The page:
Apple’s CEO wants to sell more iPhones, but only in his stores. The iPhone is Apple’s cash cow with its high profit margins, and it creates a “halo effect” that causes customers to buy other Apple products.
Less than 20% of iPhones are currently sold in Apple Stores, and Cook won’t stand for it. Despite the fact that 80% of customers buy their iPhones elsewhere, 50% bring them into the Apple Store to get serviced. If Cook wants the sales/repairs ratio to improve, there’s a lot of work that needs to be done.
Consumer Intelligence Research Partners has provided AllThingsD with some figures on how iPhone sales are broken down between outlets. As you can see, AT&T and Verizon make up the bulk of sales, while Apple has been on a steady decline since last year.
9to5Mac first reported that Cook wanted to swing the pendulum back into Apple’s favor. “Even though 80% of iPhones are not sold at Apple Stores, 50% of all serviced iPhones are troubleshooted, repaired, or replaced at Apple Store Genius Bars. Cook reportedly hinted that he would like those numbers to be more in line,” according to the report.
One of the biggest issues with Apple selling more iPhones itself is a simple matter of size. There are only 250 Apple stores in the U.S. compared to 9,000 carrier stores that sell the iPhone. Another probable factor is that customers associate buying a new phone with their carrier, not the device’s maker. When an iPhone breaks, it’s logical to ask Apple to fix it. That train of thought doesn’t usually apply when buying a new device, at least in the U.S., and that works against Apple.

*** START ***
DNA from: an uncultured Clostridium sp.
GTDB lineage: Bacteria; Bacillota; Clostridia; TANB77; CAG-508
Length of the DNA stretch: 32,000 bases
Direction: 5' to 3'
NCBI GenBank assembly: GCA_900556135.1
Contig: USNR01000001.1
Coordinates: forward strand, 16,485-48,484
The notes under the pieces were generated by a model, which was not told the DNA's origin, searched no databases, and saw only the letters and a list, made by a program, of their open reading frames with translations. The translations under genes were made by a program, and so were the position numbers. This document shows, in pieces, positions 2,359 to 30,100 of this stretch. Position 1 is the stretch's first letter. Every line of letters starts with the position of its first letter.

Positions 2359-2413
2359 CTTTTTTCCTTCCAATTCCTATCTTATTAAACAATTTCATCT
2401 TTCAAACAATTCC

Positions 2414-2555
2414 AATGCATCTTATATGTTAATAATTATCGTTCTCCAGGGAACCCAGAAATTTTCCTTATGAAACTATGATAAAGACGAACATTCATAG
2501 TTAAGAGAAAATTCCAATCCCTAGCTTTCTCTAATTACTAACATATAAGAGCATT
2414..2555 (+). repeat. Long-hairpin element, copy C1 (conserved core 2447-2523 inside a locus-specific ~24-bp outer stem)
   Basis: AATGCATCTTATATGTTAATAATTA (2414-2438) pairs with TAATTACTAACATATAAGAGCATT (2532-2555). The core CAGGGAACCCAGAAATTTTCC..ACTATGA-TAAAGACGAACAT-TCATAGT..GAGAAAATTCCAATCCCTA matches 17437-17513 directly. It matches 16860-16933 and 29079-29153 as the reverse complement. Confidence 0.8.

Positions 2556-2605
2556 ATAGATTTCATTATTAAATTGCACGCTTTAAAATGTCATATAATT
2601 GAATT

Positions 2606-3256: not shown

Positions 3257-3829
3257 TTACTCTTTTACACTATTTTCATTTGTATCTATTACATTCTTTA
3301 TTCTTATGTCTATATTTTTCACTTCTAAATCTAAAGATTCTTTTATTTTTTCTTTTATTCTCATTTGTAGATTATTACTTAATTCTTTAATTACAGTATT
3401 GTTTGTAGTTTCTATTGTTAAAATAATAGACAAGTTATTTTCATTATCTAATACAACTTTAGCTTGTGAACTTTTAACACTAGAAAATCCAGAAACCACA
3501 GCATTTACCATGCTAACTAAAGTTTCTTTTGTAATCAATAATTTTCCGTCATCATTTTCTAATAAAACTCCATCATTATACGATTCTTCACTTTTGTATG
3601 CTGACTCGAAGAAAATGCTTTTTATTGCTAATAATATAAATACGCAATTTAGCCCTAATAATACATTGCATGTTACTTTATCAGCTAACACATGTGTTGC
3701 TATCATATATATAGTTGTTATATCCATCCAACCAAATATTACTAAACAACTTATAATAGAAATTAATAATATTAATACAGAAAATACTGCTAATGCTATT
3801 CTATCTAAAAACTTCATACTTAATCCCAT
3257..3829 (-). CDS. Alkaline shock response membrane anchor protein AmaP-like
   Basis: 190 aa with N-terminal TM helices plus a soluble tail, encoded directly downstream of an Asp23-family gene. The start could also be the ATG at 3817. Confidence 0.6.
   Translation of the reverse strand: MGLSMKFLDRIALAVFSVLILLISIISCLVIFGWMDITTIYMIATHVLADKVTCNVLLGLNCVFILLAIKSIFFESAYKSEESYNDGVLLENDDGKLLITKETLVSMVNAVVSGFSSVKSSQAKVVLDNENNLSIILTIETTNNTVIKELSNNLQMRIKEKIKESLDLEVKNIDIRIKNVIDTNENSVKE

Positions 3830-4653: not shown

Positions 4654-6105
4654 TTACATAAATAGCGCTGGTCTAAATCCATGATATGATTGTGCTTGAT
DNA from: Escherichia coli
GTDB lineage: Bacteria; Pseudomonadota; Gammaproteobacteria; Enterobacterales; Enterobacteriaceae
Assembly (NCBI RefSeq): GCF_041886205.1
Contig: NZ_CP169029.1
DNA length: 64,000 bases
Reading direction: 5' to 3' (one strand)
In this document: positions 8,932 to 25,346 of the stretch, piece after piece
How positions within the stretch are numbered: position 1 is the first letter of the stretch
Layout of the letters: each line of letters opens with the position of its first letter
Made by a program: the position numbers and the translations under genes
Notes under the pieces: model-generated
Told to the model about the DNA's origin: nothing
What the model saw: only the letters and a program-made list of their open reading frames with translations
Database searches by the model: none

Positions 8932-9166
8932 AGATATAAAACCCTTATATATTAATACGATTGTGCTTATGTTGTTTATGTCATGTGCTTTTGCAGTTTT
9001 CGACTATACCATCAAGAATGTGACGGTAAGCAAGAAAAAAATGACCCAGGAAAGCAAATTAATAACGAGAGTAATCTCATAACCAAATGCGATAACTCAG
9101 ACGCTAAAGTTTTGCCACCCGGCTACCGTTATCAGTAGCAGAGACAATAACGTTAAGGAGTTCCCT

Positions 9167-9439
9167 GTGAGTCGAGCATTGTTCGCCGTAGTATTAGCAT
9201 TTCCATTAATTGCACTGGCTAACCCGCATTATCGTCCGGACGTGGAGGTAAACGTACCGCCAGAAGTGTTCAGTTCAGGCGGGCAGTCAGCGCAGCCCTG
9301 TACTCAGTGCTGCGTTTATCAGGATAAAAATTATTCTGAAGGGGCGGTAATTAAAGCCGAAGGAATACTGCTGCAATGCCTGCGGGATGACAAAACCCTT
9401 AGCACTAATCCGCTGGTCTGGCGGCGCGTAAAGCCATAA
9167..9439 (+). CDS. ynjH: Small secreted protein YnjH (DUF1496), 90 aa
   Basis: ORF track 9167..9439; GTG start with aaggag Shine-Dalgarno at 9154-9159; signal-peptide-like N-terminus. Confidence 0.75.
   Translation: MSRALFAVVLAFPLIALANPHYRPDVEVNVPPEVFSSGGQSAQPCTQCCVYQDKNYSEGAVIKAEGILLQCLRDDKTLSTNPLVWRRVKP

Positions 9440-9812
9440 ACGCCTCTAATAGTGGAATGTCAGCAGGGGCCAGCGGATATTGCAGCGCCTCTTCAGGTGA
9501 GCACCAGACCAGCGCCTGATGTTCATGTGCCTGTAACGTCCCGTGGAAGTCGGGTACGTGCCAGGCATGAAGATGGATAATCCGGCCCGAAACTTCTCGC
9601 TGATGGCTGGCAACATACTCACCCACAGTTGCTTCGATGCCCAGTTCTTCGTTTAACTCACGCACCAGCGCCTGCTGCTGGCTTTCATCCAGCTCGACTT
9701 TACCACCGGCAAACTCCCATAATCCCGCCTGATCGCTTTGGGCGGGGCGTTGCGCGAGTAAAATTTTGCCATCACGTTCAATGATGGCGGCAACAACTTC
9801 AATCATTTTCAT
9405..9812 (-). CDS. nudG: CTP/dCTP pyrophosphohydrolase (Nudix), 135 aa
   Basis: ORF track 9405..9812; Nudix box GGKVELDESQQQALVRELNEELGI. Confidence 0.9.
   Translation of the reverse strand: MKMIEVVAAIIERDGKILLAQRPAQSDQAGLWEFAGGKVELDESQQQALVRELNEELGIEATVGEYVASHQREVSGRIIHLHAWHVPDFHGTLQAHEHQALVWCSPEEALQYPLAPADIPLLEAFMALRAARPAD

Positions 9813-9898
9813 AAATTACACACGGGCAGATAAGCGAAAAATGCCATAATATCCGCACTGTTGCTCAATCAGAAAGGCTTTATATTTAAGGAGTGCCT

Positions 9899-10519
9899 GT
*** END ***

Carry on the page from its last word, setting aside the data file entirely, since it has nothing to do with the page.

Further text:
Carriers have been trying to drive customers away from iPhones and to Android handsets for quite some time. When someone walks in the AT&T store and is convinced to buy the newest Android device because the carrier makes more of a profit off the sale, Apple loses a potential customer.
Apple is doing what it can to get people to buy iPhones within its own walls. The iPhone is part of the company’s “Back to School” promotion for the first time this year, and there’s a new trade-in program rumored to be in the works. “When Apple debuts a new iPhone, its stores typically run at capacity — canceling vacations, hiring part-time staff, etc.,” according to AllThingsD. “Pushing the percentage of all iPhones sold through Apple Stores from 20 percent to 50 percent would likely require similar efforts.”